Sweet sweep for La Salle
SPORTS FOR ALL By Philip Ella Juico
Tuesday, October 9, 2007
Philstar.com


Yesterday’s headlines summed up Sunday’s excitement and how early my Monday morning started. The Philippine Star carried in big bold letters in its front page, “Archers trip Warriors, return as UAAP champs”; “Too fast, too furious – Pacquiao decisions Barrera in rematch.”

The Inquirer had the following on its front page: “La Salle Archers sweep UE warriors for UAAP crown” and “Pacquiao whips aging foe”.

In its sports page, The Star was even more effusive: “Archers score sweetest sweep – snare UAAP crown over Warriors” while the Inquirer had a green headline in the sports section: “Archers nail it – sweep wan Warriors for UAAP cage crown.” Tito Talao of Bulletin wrote “sweeps are most meaningful when they matter most.”

Sunday, Oct. 7, 2007, reminded me of July 2, 2006, also a Sunday. I took a 2 a.m. flight from Cebu City to join Korina Sanchez and Recah Trinidad at 8 a.m. at ABS-CBN for the Manny Pacquiao – Oscar Larios primer a few hours before the bout at the Araneta Coliseum.

I did a fight post mortem around 3 p.m. again with Trinidad and Sanchez. Right after the post mortem, I rushed to the Loyola Center to watch the last few sets of the successful defense by the De La Salle University (DLSU) Lady Archers of their Shakey’s V-League crown. It was one of the 13 titles won by the Lady Archers in the period 2003 – 2006.

I then joined the volley belles in a hurried thanksgiving party at Shangri-la Restaurant in Times Street in Quezon City. By 9 p.m., I was back at ABS-CBN for another post-mortem of Pacquiao-Larios with Boom Gonzalez.

To cap the night, I got a call from Star Travel columnist Christine S. Dayrit and Allure asst. editor Bum Tenorio giving me positive feedback on the Gonzalez interview. That wasn’t the end of it however. At 6 a.m., Monday, July 3, 2006, I was in Arnold Clavio’s Unang Hirit show at GMA doing another analysis of the Pacquiao-Larios encounter.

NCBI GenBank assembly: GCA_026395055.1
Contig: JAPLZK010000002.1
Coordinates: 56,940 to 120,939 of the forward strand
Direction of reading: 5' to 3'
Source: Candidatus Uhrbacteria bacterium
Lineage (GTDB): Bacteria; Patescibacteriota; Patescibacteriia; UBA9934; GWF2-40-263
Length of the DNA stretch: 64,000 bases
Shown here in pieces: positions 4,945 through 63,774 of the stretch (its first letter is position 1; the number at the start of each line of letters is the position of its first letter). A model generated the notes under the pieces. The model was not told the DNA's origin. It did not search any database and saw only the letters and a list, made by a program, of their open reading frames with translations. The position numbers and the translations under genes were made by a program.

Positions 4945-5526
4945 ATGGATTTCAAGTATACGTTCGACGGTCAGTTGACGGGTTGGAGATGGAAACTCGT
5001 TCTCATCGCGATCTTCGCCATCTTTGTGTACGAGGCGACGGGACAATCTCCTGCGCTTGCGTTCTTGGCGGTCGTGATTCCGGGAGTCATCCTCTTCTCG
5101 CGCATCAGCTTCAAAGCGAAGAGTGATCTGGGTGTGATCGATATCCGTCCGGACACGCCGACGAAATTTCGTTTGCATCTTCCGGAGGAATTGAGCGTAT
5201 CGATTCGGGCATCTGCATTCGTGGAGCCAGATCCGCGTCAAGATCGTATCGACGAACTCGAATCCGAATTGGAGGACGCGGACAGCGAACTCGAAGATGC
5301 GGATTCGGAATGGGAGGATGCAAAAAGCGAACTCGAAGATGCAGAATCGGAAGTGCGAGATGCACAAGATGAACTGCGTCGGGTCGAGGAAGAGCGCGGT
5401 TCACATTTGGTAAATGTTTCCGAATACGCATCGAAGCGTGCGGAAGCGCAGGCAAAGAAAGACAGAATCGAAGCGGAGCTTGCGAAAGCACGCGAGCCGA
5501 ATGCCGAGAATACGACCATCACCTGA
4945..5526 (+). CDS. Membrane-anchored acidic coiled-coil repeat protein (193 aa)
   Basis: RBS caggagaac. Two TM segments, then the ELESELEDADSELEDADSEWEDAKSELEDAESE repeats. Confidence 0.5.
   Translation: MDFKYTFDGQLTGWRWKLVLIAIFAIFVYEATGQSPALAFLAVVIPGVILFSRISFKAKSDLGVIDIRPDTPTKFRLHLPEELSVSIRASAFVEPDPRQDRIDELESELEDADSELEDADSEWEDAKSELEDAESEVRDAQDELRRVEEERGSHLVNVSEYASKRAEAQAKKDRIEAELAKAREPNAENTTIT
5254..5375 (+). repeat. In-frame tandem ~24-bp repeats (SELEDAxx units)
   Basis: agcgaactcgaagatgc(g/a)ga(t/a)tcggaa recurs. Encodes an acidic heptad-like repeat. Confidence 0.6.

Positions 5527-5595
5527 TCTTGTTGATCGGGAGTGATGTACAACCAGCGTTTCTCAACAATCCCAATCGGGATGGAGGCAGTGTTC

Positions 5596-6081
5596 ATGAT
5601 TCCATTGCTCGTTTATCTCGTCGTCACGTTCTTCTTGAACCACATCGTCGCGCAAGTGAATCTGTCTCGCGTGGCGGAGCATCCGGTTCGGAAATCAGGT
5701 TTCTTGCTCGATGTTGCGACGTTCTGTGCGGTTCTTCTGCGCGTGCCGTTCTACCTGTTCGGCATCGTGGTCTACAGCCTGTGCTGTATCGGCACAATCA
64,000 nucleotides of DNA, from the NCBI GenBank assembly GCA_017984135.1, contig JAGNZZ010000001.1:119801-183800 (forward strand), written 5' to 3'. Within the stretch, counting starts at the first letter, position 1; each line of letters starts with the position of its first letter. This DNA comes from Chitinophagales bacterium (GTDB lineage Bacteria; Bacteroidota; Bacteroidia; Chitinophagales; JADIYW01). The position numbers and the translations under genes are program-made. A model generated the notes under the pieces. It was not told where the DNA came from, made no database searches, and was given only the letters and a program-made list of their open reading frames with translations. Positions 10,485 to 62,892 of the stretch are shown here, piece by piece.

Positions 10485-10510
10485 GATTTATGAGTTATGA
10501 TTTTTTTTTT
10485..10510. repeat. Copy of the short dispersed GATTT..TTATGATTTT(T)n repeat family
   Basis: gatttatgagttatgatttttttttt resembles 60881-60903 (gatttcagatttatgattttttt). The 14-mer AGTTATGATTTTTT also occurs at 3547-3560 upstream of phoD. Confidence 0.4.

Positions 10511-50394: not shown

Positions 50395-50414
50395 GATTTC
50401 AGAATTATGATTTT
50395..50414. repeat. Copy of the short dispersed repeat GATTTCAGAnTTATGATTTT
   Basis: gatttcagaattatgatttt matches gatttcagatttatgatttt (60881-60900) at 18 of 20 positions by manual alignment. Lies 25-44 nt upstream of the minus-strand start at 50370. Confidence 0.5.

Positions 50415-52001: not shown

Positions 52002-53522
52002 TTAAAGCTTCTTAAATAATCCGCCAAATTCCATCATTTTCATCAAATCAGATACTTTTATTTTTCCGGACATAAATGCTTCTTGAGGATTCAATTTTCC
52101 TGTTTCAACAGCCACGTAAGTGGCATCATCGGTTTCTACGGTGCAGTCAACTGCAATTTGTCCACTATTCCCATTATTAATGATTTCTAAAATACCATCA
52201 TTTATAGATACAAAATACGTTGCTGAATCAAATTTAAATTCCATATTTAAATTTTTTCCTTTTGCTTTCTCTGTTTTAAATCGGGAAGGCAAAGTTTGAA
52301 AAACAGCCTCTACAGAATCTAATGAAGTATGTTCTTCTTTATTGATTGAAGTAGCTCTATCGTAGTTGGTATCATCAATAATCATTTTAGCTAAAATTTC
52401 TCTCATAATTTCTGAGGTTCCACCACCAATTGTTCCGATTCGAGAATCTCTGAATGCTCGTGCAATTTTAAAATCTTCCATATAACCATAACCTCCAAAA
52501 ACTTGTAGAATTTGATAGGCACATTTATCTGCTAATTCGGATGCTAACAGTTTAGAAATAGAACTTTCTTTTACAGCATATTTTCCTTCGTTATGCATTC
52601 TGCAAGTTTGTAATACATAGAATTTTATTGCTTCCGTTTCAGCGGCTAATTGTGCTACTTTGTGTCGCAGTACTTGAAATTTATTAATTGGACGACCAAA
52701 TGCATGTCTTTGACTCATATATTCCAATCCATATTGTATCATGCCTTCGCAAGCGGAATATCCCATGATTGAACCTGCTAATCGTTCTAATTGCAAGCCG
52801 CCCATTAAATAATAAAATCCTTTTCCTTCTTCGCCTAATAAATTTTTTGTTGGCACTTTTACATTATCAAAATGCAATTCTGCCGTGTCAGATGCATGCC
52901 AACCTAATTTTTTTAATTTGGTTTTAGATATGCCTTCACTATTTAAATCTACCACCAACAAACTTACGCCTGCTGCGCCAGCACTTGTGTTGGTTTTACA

Last Sunday afternoon and early Monday were practically replays of July 2, and 3, 2006, including calls from my colleagues at The Star.

I watched “Will to Win” from 9 a.m. to 1 p.m. at the Petron Mega Plaza in Makati, courtesy of Buhay party-list Congressman Irwin Tieng, son of television magnate William; Petron chair Nick Alcantara and Solar’s Luke Pasiliao.

From Petron, I drove off to the Big Dome to catch the Green Archers vindicate themselves and live true to the motto, “We’re back, We’re number one!” Right after the rousing triumph was a victory dinner with players and supporters in San Juan and on to DLSU Taft for a joyful celebration in the jampacked college canteen.

Yesterday morning I was guest again in Clavio’s show at 6 a.m. to analyze the Pacquiao-Barrera duel. That rounded off the cycle of a truly wondrous sporting day for Filipinos, Lasallians and true sports lovers.

To be sure, one cannot blame the Archers for savoring so-called bragging rights and calling this year’s UAAP basketball championship, its seventh (1989, 1990, 1998, 1999, 2000, 2001 and 2007) since joining the league in 1986, its sweetest triumph. The list, by the way, does not include the 1991 title, that eluded DLSU in a most controversial manner, and the 2005 crown, which DLSU voluntarily gave up.

Star’s headline captured succinctly the saga of the Green Archers who could not be denied their moment of vindication. The entire Lasallian community had to endure all the scorn heaped upon it by some quarters, including reference to the 2006 suspension of DLSU as a cheer during the games. But for Lasallians, those incidents were more humbling than humiliating.

But the One who controls destiny rewarded DLSU not just with one but two basketball championships. And perhaps, the only sweeter victory other than Franz Pumaren’s senior Archers’ spectacular triumph after playing 19 games (the longest UAAP basketball season in memory), would be the heroic exploits of the De La Salle –Zobel junior Archers of Boris Aldeguer. The Zobel boys who had nothing to do with the controversy became collateral damage, victims of an excessively harsh ruling.

The senior Archers victory ironically came when the Archers’ recruitment program was at its weakest in years. In fact, as Pumaren admitted (at the same time apologizing to the team) during the victory celebration at DLSU, this was the weakest squad he has handled in his 10 years as DLSU coach. The Archers simply defied all the obstacles thrown their way and showed the never-say-die spirit and fighting heart of true Lasallians and champions